BakeTips

Baking paper vs greaseproof paper

Baking paper vs greaseproof paper

02 Apr 2020 - Anneka Manning

‘Non-stick baking’ paper is not the same as ‘greaseproof’ paper and it’s good to know the differences so you can choose the best one for the type of baking you are doing.

Non-stick baking paper has a thin silicone coating to prevent your baking sticking to oven trays and cake tins without having to grease with butter or oil. Generally it is heat-resistant up to 220°C (200°C fan-forced). You can still use it at temperatures above this but it will tend to brown around the edges.  It is also great to use two sheets either side of your pastry when rolling out – it does away for the need to use flour to stop it from sticking to the bench top or rolling pin. It can also be used to make paper icing bags and for wrapping food to cook ‘en papillote’. Some recipes refer to it as parchment paper.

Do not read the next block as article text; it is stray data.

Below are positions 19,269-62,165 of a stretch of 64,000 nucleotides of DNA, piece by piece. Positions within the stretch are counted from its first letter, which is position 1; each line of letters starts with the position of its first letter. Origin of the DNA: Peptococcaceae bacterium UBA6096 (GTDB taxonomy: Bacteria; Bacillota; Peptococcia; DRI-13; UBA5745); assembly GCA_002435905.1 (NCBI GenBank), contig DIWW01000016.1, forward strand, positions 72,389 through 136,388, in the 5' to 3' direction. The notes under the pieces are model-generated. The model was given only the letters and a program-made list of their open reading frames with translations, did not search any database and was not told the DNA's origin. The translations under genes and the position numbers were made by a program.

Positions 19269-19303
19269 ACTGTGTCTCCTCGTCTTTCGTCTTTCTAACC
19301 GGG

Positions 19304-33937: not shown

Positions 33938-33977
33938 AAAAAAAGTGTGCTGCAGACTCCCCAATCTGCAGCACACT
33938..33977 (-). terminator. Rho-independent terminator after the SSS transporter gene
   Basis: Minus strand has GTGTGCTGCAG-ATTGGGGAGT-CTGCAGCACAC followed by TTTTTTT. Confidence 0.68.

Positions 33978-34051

Greaseproof paper doesn’t have the silicone coating but is, as it’s name suggests, grease-resistant and can also be used to line trays and tins when baking – BUT you will need to grease it on both sides, otherwise it will stick! Also allow your baking to cool before peeling it away to make it easier to remove and less likely to stick.  It tends to be thinner and therefore more suitable to use when lining a tart case before adding pastry weights when blind baking as it will ‘mould’ into the pastry case more easily. It is usually heat-resistant up to about 200°C (180°C fan-forced).

And then there is ‘waxed’ paper that can’t be used in your oven and therefore is unsuitable to use when baking. As it’s name suggests it has a thin coating of wax which is good for keeping things like sandwiches fresh and wrapping high-fat or moist foods but it is not good when heated….so don’t even try!